Senator Dean twisted statistics on the Senate floor. He incorrectly said that shooting was the most common way to commit suicide in Canada. It is not.
According to Cause of Death statistics reported by Statistics Canada, hanging has been the most common suicide method for decades, accounting for an average 47% of all suicides since 2010. Although Senator Dean was correct when he said suicide represented 75% of gun deaths.
Suicide Methods (2010-2016)
Hanging 1,921 47%
Poisoning 946 23
Shooting 572 14
Jumping 298 7
Other 276 7
Total 4,063 100%
Senator Dean also incorrectly implied that firearms ownership was inordinately dangerous, causing 240 hospitalizations and 13 accidental deaths annually. According to the Canadian Institute for Health Information, the shooting sports are one of the least dangerous sporting activities in Canada 2018.
Sports injury hospitalizations (2016-2017)
All-terrain vehicle 2,834
In terms of accidental deaths, the Senator is correct in saying that 13 Canadians are accidently shot to death. Thanks to the untiring work by hunting organizations and sport shooting groups, accidental firearms deaths have plummeted over the past 50 years.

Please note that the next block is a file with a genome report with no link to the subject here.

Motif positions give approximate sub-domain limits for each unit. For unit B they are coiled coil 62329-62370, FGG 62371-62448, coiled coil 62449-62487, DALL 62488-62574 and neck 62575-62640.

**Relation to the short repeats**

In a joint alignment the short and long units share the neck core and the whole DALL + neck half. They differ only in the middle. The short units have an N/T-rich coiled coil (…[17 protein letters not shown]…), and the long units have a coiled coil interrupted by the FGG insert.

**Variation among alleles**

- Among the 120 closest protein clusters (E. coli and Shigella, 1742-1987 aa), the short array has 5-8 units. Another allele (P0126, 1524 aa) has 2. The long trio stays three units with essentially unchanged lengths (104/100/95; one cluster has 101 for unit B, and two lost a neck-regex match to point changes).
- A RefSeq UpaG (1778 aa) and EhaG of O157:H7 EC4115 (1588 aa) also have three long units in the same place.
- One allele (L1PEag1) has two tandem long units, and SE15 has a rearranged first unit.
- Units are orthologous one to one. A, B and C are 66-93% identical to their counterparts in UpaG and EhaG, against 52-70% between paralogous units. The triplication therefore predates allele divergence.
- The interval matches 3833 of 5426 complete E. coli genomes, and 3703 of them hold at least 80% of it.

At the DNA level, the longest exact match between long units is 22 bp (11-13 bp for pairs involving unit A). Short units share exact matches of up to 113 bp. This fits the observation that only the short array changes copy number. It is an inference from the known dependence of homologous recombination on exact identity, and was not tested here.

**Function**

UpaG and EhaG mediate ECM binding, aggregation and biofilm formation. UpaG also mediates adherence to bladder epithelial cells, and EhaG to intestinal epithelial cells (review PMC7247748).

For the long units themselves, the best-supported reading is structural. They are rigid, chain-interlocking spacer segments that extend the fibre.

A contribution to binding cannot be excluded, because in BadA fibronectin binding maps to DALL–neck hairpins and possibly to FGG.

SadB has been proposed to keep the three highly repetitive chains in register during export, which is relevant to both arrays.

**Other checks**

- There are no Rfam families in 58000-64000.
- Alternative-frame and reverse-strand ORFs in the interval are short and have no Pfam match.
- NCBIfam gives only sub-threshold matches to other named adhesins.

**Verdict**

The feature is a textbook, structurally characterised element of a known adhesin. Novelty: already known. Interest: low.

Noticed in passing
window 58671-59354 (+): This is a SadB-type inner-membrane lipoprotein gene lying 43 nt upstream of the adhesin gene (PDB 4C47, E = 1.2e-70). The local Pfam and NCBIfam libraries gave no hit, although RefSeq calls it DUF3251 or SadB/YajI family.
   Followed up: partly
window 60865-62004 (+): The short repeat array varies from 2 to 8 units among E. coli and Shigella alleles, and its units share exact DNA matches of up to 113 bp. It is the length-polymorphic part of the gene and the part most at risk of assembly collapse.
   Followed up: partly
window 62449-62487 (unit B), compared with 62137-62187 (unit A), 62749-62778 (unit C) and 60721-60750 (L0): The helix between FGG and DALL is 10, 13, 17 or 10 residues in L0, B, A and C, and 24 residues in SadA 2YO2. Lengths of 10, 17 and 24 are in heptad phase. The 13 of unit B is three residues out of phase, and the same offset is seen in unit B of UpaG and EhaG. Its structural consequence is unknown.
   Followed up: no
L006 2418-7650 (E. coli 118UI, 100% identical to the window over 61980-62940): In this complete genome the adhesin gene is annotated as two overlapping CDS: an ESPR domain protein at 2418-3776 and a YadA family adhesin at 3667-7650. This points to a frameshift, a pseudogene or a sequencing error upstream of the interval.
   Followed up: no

Accidental shooting deaths are rare when compared with other accidental dangers.
Statistics Canada reported the following accidental deaths in 2016:
Motor vehicles 2,282
Medical “misadventures” 130
Pedal cycling 59
Senator Dean claimed that, according to StatsCan, nearly 600 women were victims of spousal abuse involving firearms in 2016. The Honorable Senator forgot to mention that knives are more often used to injure or murder women than are firearms.
(Note added later: Senator Dean has partially apologized for incorrectly stating that “shooting was the most common way to commit suicide in Canada.” ] Unfortunately, he continues to consider firearms as uniquely dangerous. They are not. The statistics presented in this blog clearly show they are not.
In terms of the risk to women from firearms, I urge you to read an article I cowrote with Professor Samara McPhedran of Griffith University, in Australia, that appeared in Violence and Victims, Volume 28,Number 5, 2013. “Lethal Firearm-Related Violence Against Canadian Women: Did Tightening Gun Laws Have an Impact on Women’s Health and Safety?” We concluded that, “There was little evidence to suggest that increased firearms legislation in Canada had a significant impact on pre-existing trends in lethal firearm violence against women.”